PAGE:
Doggy daycare or a dog sitter can help reduce your dog’s barking when you’re not home. They provide companionship and activities that can distract and tire your dog out, reducing anxiety and boredom that often leads to excessive barking. However, underlying behavioral issues should also be addressed with proper training for a more permanent solution.
Benefits of Doggy Daycare or a Dog Sitter
Doggy daycare exposes your dog to other animals, helping them learn how to interact and play in a group setting. This can lead to better behavior at home and in public spaces as they become more accustomed to the presence of other dogs.
At daycare, your dog will have plenty of opportunities for physical activity, including playtime with other dogs, games, and walks. Regular exercise can contribute to your pet’s overall health and help alleviate behavioral issues from excess energy.
With a dog sitter, your pet is supervised throughout the day, ensuring their safety. Sitters can prevent accidents, detect early signs of illness, and provide immediate care if necessary, giving you peace of mind.
Reduces Loneliness and Separation Anxiety
Both doggy daycare and dog sitters provide companionship for your dog when you can’t be home. This can greatly reduce instances of separation anxiety, which can lead to destructive behavior.
Structure and Routine
Daycare centers and professional sitters often adhere to a schedule that can provide your dog with a comforting routine. Dogs thrive on structure, and a consistent meals, walks, and playtime schedule can contribute to a well-adjusted pet.
Daycare providers and dog sitters are typically well-versed in dog behavior and care needs. This expertise can be valuable for ensuring your dog’s physical and emotional needs are met during your absence.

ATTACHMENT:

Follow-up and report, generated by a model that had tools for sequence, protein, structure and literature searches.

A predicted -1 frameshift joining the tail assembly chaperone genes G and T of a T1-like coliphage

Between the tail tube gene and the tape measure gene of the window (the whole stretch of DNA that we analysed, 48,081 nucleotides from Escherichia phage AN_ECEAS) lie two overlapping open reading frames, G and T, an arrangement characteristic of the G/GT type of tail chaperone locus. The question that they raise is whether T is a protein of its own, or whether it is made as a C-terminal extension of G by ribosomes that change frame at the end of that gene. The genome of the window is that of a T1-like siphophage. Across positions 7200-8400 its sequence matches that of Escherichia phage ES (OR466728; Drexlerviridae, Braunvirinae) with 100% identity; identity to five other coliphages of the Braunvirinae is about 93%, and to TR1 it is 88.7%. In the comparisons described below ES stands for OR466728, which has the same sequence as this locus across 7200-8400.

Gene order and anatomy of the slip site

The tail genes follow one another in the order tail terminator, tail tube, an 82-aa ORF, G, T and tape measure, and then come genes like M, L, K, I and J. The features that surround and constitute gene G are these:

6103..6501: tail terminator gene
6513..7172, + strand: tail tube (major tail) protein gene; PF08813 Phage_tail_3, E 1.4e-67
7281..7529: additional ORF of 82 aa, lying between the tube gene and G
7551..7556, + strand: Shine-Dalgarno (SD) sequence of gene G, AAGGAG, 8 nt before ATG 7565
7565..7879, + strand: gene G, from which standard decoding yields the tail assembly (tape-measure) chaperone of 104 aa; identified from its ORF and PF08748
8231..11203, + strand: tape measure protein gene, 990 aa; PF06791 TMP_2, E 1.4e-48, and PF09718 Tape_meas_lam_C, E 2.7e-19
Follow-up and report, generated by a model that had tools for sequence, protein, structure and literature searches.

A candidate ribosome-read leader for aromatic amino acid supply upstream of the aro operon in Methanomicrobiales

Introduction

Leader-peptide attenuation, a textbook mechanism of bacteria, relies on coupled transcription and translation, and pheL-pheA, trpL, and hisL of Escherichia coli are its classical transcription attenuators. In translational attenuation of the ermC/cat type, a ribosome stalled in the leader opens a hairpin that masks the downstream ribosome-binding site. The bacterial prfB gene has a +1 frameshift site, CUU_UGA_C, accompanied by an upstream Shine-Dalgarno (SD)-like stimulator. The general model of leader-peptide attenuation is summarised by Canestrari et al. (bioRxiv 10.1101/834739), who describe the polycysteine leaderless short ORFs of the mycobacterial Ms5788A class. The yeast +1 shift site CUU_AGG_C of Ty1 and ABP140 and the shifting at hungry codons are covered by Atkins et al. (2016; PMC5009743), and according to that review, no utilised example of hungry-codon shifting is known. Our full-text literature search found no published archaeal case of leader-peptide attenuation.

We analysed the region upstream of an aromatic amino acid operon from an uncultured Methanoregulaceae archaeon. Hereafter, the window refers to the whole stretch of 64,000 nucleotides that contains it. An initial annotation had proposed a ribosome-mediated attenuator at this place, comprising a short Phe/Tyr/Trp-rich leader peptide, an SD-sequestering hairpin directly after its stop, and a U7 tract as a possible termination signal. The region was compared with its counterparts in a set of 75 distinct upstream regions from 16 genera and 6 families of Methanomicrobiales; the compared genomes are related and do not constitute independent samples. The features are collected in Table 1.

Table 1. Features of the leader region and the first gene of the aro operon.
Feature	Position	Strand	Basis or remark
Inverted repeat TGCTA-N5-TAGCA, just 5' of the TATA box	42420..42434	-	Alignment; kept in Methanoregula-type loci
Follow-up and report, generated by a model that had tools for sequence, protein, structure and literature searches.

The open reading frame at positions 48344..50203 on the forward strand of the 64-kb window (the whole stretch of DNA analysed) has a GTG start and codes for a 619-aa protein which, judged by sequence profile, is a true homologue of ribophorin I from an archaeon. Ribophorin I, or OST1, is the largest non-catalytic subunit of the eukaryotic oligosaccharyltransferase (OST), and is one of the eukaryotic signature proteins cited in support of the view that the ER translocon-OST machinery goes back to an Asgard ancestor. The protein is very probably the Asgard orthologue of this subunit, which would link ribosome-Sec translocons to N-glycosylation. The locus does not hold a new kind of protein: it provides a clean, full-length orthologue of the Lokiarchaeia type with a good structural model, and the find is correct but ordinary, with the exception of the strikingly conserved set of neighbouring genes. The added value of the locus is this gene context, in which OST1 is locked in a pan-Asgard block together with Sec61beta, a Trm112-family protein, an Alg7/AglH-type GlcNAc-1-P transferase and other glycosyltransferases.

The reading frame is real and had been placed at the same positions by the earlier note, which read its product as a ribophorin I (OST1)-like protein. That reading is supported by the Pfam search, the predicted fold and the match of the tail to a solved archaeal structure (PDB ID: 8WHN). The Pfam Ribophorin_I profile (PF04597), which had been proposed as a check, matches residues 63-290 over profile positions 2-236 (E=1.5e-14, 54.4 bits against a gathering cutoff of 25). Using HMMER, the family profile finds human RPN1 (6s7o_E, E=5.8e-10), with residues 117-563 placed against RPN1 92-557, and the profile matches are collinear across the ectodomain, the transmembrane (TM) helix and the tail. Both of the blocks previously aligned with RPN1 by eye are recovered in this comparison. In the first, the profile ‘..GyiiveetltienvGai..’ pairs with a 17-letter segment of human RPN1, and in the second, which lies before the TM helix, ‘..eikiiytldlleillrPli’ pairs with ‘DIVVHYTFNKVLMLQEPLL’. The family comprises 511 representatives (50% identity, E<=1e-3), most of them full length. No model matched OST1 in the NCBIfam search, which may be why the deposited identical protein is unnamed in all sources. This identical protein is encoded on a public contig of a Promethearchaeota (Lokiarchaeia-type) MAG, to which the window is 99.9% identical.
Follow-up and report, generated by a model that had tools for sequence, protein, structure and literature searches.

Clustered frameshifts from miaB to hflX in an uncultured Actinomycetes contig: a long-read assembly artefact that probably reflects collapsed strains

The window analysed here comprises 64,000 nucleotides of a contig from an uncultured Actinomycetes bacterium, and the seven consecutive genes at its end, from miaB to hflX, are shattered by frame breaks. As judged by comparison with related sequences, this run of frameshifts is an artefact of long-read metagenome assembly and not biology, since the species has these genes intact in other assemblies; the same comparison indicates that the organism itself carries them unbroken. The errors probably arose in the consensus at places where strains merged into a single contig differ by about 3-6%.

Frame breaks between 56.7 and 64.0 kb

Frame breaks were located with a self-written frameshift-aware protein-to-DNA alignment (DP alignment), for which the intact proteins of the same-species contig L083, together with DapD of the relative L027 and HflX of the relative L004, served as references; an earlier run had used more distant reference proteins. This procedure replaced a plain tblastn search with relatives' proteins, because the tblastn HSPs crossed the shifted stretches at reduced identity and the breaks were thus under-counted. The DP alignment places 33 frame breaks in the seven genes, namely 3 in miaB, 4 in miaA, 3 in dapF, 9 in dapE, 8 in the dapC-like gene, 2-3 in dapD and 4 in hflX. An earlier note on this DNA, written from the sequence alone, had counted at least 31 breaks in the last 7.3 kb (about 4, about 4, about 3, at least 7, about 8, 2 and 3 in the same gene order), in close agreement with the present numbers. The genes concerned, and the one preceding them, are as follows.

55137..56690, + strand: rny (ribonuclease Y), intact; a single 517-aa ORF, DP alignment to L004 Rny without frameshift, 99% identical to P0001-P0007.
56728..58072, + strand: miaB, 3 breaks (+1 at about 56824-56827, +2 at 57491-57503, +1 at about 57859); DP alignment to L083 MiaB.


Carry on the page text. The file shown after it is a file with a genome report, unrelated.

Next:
Drawbacks of Doggy Daycare or a Dog Sitter
Regular use of doggy daycare or a dog sitter can be quite expensive. Depending on the quality of the service and your location, costs can add up quickly over time.
Exposure to Illness
Although most daycare centers require dogs to be vaccinated, there’s still a risk of exposure to contagious illnesses from other dogs. Dogs can also potentially pick up fleas or ticks from other pets.
Potential for Stress
Some dogs might find the daycare environment stressful, particularly if they are not used to being around a lot of other dogs. Similarly, some dogs may not react well to a new person (dog sitter) in their home.
Dog sitters and daycare staff may not reinforce the training and commands you use at home, which can lead to inconsistent behavior.
Dog sitters might not always be available when needed, and daycares often have set hours that may not align with your schedule. Holidays and peak times can be particularly difficult.
Doggy Daycare vs. Dog Sitter
Social Interaction: Doggy daycare provides a great opportunity for your dog to socialize with other dogs, whereas a dog sitter typically offers one-on-one interaction.
Environment: With a dog sitter, your dog remains in your home’s familiar and comfortable environment. In contrast, doggy daycare involves a new environment which may be stressful for some dogs.
Cost: Doggy daycare can be more cost-effective, especially for daily care. Hiring a dog sitter may cost more, particularly for overnight stays.